Rhode Island Targets 100% Renewables Procurement by 2033

Legislation passed in Rhode Island will commit the state to procure 100% of its electricity from renewable energy sources by 2033. If Gov. Daniel McKee, as expected, signs the bill into law, the Ocean State could have the nation’s fastest timeline for a 100% renewables procurement.

The New England state’s legislature on June 17 approved a bill (H277/S2274) that would institute annual increases in the state’s 2007-instituted Renewable Energy Standard (RES). The law requires utilities to purchase renewable energy certificates (RECs) representing a certain percentage of the power they sell annually.

RECs are traded in a regional marketplace. “While the RES does not guarantee that the actual energy used in Rhode Island came from a renewable source, nor does it prohibit any utilities from supplying energy generated by fossil fuel, it does result in the generation of a corresponding amount of renewable energy in the region and encourages construction of renewable projects,” a document affiliated with the bill notes.  In 2022, the RES is set at 19% of the retail electricity suppliers sell in Rhode Island, with the percentage set to increase by 1.5% annually through 2035.

If signed by the governor, Rhode Island will become one of 21 states that are so far pursuing 100% renewable or clean energy goals.

Source: 100% States by PaulosAnalysis/Tableau Public:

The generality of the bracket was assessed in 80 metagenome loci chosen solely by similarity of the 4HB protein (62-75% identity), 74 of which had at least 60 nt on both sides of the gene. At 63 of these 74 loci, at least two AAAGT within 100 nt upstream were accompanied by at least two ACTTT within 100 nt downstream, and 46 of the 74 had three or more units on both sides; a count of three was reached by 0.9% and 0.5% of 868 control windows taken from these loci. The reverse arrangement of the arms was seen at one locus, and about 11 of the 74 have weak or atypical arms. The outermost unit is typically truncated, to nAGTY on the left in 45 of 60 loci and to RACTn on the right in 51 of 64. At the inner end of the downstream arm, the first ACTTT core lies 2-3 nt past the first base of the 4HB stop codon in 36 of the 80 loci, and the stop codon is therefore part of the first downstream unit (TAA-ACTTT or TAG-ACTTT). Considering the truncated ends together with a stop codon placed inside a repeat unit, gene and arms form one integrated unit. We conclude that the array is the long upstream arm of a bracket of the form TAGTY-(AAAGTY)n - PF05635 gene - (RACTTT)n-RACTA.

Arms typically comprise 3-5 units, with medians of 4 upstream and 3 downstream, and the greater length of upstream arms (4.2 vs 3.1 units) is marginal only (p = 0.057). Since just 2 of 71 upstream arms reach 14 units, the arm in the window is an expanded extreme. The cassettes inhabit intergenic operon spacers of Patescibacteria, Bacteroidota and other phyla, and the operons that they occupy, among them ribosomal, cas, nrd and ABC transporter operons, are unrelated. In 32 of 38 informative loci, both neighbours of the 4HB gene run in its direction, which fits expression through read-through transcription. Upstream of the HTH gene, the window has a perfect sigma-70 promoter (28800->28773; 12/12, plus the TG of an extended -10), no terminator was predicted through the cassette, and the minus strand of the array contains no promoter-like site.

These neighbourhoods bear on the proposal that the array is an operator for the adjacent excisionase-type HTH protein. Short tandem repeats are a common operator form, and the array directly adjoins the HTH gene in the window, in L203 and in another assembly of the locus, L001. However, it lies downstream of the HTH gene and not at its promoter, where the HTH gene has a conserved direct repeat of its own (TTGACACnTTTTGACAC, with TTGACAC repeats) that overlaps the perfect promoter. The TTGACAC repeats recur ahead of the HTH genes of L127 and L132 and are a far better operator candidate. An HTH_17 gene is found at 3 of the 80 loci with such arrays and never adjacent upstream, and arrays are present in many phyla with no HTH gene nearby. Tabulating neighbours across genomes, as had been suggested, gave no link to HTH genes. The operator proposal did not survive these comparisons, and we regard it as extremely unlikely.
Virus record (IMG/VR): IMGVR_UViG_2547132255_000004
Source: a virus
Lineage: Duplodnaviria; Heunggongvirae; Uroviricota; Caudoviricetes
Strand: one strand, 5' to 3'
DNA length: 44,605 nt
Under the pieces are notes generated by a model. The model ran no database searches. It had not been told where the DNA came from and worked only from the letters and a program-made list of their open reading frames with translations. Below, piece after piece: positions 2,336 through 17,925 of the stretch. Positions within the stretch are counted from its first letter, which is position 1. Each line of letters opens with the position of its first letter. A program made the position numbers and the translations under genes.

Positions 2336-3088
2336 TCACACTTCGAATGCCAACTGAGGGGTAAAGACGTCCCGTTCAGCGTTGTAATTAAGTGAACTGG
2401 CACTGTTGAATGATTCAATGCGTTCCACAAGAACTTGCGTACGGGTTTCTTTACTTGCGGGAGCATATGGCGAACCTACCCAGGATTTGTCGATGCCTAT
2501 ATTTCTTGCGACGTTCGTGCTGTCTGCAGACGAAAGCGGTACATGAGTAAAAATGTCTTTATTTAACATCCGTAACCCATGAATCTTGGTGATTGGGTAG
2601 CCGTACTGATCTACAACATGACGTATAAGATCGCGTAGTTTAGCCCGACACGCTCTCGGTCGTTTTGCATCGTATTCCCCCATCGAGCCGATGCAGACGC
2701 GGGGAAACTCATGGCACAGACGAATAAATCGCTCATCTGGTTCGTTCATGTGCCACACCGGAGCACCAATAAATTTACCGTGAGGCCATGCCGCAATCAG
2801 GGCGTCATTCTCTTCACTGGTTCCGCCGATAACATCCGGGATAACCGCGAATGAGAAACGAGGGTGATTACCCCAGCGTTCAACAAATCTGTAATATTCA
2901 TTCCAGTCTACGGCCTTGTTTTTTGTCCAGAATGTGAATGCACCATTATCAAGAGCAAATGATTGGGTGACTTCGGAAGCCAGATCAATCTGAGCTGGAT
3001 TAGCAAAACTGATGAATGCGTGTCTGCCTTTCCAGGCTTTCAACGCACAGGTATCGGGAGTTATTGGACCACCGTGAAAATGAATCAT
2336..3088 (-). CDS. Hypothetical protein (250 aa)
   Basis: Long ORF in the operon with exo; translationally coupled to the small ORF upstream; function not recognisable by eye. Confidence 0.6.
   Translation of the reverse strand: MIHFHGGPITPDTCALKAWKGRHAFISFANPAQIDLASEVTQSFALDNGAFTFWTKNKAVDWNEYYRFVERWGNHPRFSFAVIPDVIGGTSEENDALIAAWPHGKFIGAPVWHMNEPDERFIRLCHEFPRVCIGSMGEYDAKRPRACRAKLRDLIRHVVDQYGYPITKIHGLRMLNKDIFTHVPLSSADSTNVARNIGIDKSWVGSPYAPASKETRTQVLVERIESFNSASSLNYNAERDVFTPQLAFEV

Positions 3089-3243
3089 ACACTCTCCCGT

Rhode Island, which had a population of about 1 million in 2020, relied on natural gas for 89% of its net generation in 2020—the largest share of any state, according to the Energy Information Administration. The state’s power grid is managed by ISO-New England (ISO-NE), a regional independent system operator. National Grid, a London-based energy company, managed 99% of distribution for the state since 2000 when it bought out Narragansett Electric Co., just after the state moved to deregulate its electricity market.

National Grid on May 25, however, completed the sale of Narragansett Electric Co. to PPL Rhode Island Holdings, ending its operations in the state. PPL Corp. said the $3.8 billion acquisition will now be known as “Rhode Island Energy,” reflecting “both the company’s commitment to Rhode Island and its pursuit of a cleaner energy future in line with the state’s renewable energy and net-zero goals.”

PPL, however, agreed to a settlement with Rhode Island’s attorney general to proceed with the acquisition. PPL agreed, among other measures, to provide $50 million in bill credits to Rhode Island Energy customers, to write off and not seek recovery of more than $20 million in current regulatory assets on Narragansett Electric’s books, and not to seek base rate increases for at least three years after the transaction closes. In addition, PPL also “agreed to additional actions that reinforce the company’s strong commitment to grid modernization and decarbonization,” including preparing and submitting an “Act on Climate Report” within one year of the acquisition to the state’s public commission and attorney general’s office.

“With the sale of our U.K. business and our acquisition of Rhode Island Energy now complete, PPL is transformed and in an excellent position to create significant, sustainable value for our shareowners and our customers,” said PPL President and Chief Executive Officer Vincent Sorgi earlier this month.

Sonal Patel is a POWER senior associate editor (@sonalcpatel@POWERmagazine).

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